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オリジナル投稿者: adrian sommerville ,

テキスト:

This sounds like and electrical problem.

If your engine is bogging down and you are still getting enough cool air from the A/Con system, then the A/C system will have a full charge of gas and will not need servicing.

If this is the case, run the engine, with A/C on, at night and open the hood. As the A/C runs via both belt (for the compressor) and electrical (for the car system), you may see that all or some (even one) of the spark plug leads are flashing.

This means that the insulation around the lead has broken down, and the electricity required to run the total power needs of the car with the A/C on will be low. If this is the case, replace the faulty lead (I would recommend replacing all), as this will allow the electrics to run at full capacity.

Another way to test the electrics is to remove the lead from each plug one at a time (with insulated pliers lest you get an electric shock), and hold the lead very close to the body of the engine. If the lead is working, there will be an electric discharge between the lead and the motor (this is not dangerous). If when removing the lead, the engine does not bog down, then the spark plug is faulty. Remember that the spark plug is only used for firing the petrol (gas) to pump the cylinders, and the electrical signal comes from the alternator, via the coil and lead to the spark plug.

A vehicle electrical system works by the battery exciting the alternator, which then runs the electrical power to the coil and so on. If either the battery or the alternator are faulty, the vehicle will be running under power from an electrical point of view, so anything that requires high levels of electricity (such as the A/C) will bog the engine down. The engine bogging down is a good signal to say that the alternator is working, as it tries to ramp up the current. If there is a high drain electrical fault (i.e. leads, coil, etc), the engine will bog down more than usual, and the interior lights will dim, as well as the headlights, as the alternator tries to source more current.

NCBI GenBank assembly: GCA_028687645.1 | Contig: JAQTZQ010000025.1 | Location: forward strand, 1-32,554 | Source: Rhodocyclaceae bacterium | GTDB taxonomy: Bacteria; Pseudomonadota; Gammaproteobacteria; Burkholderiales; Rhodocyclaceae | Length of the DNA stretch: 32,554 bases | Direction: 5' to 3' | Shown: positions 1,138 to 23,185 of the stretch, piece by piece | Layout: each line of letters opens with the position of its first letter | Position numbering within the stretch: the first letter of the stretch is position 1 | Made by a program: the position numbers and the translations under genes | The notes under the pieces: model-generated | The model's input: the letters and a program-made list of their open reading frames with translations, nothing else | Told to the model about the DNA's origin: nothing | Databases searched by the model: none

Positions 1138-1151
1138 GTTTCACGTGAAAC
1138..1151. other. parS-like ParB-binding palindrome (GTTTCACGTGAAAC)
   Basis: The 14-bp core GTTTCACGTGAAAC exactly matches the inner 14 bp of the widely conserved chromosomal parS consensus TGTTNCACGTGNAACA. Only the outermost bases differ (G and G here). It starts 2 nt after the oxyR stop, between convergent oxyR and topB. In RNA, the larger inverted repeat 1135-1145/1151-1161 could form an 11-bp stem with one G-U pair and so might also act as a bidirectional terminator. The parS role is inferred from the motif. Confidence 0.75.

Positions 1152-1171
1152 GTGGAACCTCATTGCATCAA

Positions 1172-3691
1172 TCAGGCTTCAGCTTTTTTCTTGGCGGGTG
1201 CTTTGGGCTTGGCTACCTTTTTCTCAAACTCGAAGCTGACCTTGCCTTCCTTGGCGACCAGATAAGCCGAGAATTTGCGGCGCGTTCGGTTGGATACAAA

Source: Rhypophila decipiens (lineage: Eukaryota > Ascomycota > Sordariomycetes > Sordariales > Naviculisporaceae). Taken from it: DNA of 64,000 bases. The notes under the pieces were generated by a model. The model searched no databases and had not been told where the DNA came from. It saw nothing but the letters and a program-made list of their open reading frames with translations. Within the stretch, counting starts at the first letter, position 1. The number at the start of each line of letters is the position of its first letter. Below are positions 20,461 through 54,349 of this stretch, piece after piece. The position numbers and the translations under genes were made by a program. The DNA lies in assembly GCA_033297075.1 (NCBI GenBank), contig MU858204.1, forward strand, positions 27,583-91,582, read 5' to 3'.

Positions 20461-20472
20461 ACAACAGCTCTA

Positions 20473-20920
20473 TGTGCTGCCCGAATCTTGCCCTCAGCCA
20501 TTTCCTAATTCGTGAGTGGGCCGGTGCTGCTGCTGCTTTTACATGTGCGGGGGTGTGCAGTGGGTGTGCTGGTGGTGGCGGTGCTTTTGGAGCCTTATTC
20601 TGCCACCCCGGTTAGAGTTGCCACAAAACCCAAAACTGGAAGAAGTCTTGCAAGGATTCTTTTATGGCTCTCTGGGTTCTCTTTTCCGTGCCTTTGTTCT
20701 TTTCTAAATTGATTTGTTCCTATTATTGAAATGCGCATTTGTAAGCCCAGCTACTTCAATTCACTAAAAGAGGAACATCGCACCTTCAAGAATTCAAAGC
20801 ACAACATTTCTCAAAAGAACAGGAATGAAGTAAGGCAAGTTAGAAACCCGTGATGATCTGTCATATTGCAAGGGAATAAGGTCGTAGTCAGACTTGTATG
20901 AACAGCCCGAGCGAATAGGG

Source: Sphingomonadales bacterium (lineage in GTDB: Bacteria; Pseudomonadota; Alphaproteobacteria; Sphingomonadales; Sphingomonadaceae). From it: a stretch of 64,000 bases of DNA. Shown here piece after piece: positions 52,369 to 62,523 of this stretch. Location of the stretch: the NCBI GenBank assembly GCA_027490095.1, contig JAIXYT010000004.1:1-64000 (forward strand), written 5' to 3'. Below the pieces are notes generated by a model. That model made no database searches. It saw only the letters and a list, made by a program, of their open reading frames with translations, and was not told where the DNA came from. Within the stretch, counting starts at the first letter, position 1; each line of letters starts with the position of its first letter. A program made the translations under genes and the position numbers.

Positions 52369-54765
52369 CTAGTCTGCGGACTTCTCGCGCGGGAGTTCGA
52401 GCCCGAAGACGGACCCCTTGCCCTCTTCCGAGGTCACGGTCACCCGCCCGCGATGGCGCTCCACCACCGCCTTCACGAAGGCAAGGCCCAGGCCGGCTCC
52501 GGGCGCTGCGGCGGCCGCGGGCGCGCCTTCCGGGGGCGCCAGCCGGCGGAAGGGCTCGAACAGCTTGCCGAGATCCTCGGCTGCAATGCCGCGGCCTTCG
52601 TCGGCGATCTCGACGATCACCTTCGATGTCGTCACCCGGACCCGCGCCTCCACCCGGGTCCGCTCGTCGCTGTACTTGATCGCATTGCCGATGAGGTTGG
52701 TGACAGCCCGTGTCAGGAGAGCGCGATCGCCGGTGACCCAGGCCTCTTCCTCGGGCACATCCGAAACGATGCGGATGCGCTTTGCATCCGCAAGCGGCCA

If the fault is due to a loose compressor belt, the engine would not bog down, and the A/C would not get fully cool, or you could hear a squealing sound, which is the belt slipping.

If none of the above are the problem, then look at the top of the A/C gas cylinder (next to the compressor - usually silver) and there will be a yellow glass bubble. If this has any air in it (it will look like a bubble), then the A/C unit needs a gas charge.

This will also cause the engine to bog, as the alternator is trying to run a low pressure system (due to low refridgerant) at it's normal gas pressure, therefore requiring more current.

If this is the case, there would also be a slight leak in the system, as refrigerated A/C systems are closed loop systems, and do not lose gas (this is why your fridge will still work well after 20 years).

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